John Woodruff’s WRAP Story

I thought I’d share my story. I shared it with Recovery To Practice three years ago, so updated the dates (and added a shameless plug for WRAP Around the World and Life Is Amazing Consulting)… hard to believe I’m three years older. Happy Birthday of WRAP and thank you to all of the amazing people with whom I have connected over these past 13 years where my life has been lived in wellness and lived in WRAP.

“I grew up in a tiny town in northern Minnesota. No one knew I left the house at night and wandered the short blocks of our town- traversing from streetlight to streetlight, leaving a cone of light to dip into the darkness in the middle of the block and then back into yet another cone of light at the next corner. Thirteen years ago I felt my entire life was just a series of those wanderings… and I didn’t want to be around anymore. I was stuck in the darkness in the middle of the block.

Upon the suggestion of a kind person with my healthcare provider, Kaiser, I picked up a small red book, Wellness Recovery Action Plan® written by Mary Ellen Copeland, and considered visiting the Kaiser WRAP® group. It was a six-week group where folks were collectively working on their plans.

The Wellness Recovery Action Plan®, better known as WRAP®, is a system for self-managing uncomfortable and often painful physical and emotional challenges. WRAP® over the last eighteen years has taken hold across the world in every aspect of mental health services for people seeking wellness. Developed by Mary Ellen Copeland, PhD., WRAP® is a different way- simple, safe, non-invasive and self-directed. People like it. The research shows that it works. WRAP® is now listed in the National Registry of Evidence-Based Programs and Practices.

I figured not much else worked in my life why not go? I approached that first meeting with every fear imaginable. I’d never done anything like this. I felt insecure, hopeless and exhausted from trying to pretend that I wasn’t. Would others make fun of me? Would I be judged? Not sure how, but I entered the room expecting to flee within minutes. I hoped no one knew who I was because I did not want to be tracked down after I left.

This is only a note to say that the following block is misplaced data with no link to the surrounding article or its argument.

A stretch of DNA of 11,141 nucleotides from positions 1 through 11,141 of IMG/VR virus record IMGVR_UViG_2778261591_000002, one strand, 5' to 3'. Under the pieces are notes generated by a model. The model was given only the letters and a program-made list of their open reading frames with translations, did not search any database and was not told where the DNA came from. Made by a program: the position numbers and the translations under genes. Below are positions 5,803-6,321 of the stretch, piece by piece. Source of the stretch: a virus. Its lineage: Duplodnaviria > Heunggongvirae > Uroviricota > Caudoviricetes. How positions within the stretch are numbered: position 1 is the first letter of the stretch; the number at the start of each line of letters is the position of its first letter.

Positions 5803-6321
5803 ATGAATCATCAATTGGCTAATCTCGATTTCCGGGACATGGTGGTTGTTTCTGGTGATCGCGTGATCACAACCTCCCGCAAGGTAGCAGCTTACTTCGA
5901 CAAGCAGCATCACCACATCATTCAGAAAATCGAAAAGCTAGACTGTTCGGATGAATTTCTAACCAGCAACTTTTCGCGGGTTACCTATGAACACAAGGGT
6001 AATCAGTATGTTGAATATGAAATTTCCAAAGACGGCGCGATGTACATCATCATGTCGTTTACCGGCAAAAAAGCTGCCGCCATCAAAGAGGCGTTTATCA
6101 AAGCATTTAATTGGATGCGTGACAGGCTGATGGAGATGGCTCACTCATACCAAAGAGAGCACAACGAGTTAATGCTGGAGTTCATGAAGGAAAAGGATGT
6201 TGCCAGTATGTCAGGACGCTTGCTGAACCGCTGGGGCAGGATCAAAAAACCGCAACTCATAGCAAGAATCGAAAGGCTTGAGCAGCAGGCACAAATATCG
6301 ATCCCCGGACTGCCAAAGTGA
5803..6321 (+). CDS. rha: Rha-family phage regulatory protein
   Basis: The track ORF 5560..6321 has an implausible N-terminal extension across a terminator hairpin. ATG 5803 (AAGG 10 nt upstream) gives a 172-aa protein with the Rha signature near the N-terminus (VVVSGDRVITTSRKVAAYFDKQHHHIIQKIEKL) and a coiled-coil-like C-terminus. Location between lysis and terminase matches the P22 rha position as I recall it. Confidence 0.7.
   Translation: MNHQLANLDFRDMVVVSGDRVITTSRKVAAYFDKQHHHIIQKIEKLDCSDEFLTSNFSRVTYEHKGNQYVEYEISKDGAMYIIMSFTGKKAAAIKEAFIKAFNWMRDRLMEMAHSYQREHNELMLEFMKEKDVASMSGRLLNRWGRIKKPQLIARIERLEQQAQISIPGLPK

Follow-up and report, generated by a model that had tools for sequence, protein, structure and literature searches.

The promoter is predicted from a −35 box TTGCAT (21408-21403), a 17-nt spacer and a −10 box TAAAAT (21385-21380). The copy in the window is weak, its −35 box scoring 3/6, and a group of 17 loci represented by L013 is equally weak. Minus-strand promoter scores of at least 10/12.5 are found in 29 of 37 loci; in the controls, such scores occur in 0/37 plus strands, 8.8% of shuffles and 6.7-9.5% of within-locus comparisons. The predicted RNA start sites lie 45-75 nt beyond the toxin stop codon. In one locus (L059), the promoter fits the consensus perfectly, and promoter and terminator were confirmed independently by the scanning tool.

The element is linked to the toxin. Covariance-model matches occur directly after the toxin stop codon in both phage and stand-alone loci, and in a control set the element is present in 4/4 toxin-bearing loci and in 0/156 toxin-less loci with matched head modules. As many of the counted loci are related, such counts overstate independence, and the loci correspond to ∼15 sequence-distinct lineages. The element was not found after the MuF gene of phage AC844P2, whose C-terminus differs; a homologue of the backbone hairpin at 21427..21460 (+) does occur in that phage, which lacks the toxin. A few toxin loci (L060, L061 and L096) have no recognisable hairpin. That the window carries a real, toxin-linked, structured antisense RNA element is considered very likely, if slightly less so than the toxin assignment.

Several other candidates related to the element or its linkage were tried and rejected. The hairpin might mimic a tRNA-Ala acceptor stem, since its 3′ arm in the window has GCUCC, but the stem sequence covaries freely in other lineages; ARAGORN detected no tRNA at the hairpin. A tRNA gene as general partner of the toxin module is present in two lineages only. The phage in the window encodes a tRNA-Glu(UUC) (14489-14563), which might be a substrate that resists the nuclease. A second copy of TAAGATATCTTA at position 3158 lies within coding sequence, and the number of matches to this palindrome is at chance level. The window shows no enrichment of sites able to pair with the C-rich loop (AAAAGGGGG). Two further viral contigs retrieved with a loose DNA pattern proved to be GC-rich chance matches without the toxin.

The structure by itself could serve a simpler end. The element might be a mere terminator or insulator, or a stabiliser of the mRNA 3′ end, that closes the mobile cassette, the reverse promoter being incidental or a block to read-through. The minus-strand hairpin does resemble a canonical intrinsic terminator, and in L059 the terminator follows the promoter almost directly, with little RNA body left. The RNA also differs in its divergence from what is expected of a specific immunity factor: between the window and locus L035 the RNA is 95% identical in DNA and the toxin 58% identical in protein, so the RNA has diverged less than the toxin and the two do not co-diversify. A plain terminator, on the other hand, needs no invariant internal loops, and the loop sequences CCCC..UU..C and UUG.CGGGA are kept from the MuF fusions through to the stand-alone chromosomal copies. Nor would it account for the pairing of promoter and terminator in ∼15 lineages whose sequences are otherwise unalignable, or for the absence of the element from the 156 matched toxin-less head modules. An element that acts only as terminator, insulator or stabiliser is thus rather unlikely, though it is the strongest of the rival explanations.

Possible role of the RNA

Wonder of wonders. Others were working on their own stuff. I wasn’t the only one with the feelings I had. No one judged me. I could just be me. That dreaded fear and loathing slipped away. I discovered I was in charge of my life- no one else. I let go of the blame and shame I had clung to for comfort and support. I learned about healthy, fun and enjoyable activities that helped me as I navigated my life, many were things like riding a bicycle, which were ignored and forgotten for many years. I discovered my voice and was able to advocate for my wellness because I knew what worked for me. I crafted a unique support system that helps me along the way. Ultimately I realized I hope thrives in my life, I believe that things get better. I was amazed to find people sharing stories that explained hope, personal responsibility, education, self-advocacy, and support as concepts continually operating in their lives of wellness and recovery. We were allowed to share our truths. It was certainly OK for many truths to be in the room. Judgment wasn’t there. Others clearly would support me, should I ask for that support.

We worked on what are called Wellness Tools. Talk about fun. Wellness Tools are those fun activities and things I did in the past or ones I might want to try. They help me feel better when I’m not doing well. Often they are free or inexpensive. At first I was having a bit of trouble thinking of anything I enjoyed- go figure. Then I remembered I enjoyed jigsaw puzzles as a kid. I tried a 50-piece puzzle. It was a picture of puppy dogs. Yup, you guessed it; I still like to get lost working on puzzles. I tackle 5,000-piece puzzles now.
We started working on the six sections of a Wellness Recovery Action Plan®-

  1. Daily Maintenance Plan includes three lists: The first describes me when I’m well, for example the talkative person I am. The second is a list of the most important things I do on a daily basis when I am well, like talking with at least one friend. The third is a list of the many things I might consider to do to avoid the stressors that pop up some days, such as going for a walk and checking out the sky.
  2. Triggers and Triggers Action Plan- Triggers are external events or circumstances in my life that initiate some negative reactions from me like hearing the siren of a police car (the story behind sirens is because of the negative circumstances surrounding when I dropped my trousers as a joke on Main Street in Salt Lake City during the 1970’s). A Trigger Action Plan is the list of activities I know I might do to respond in a different fashion than in the past to the Triggers. I find these Actions in my Wellness Toolbox that we worked on in the beginning.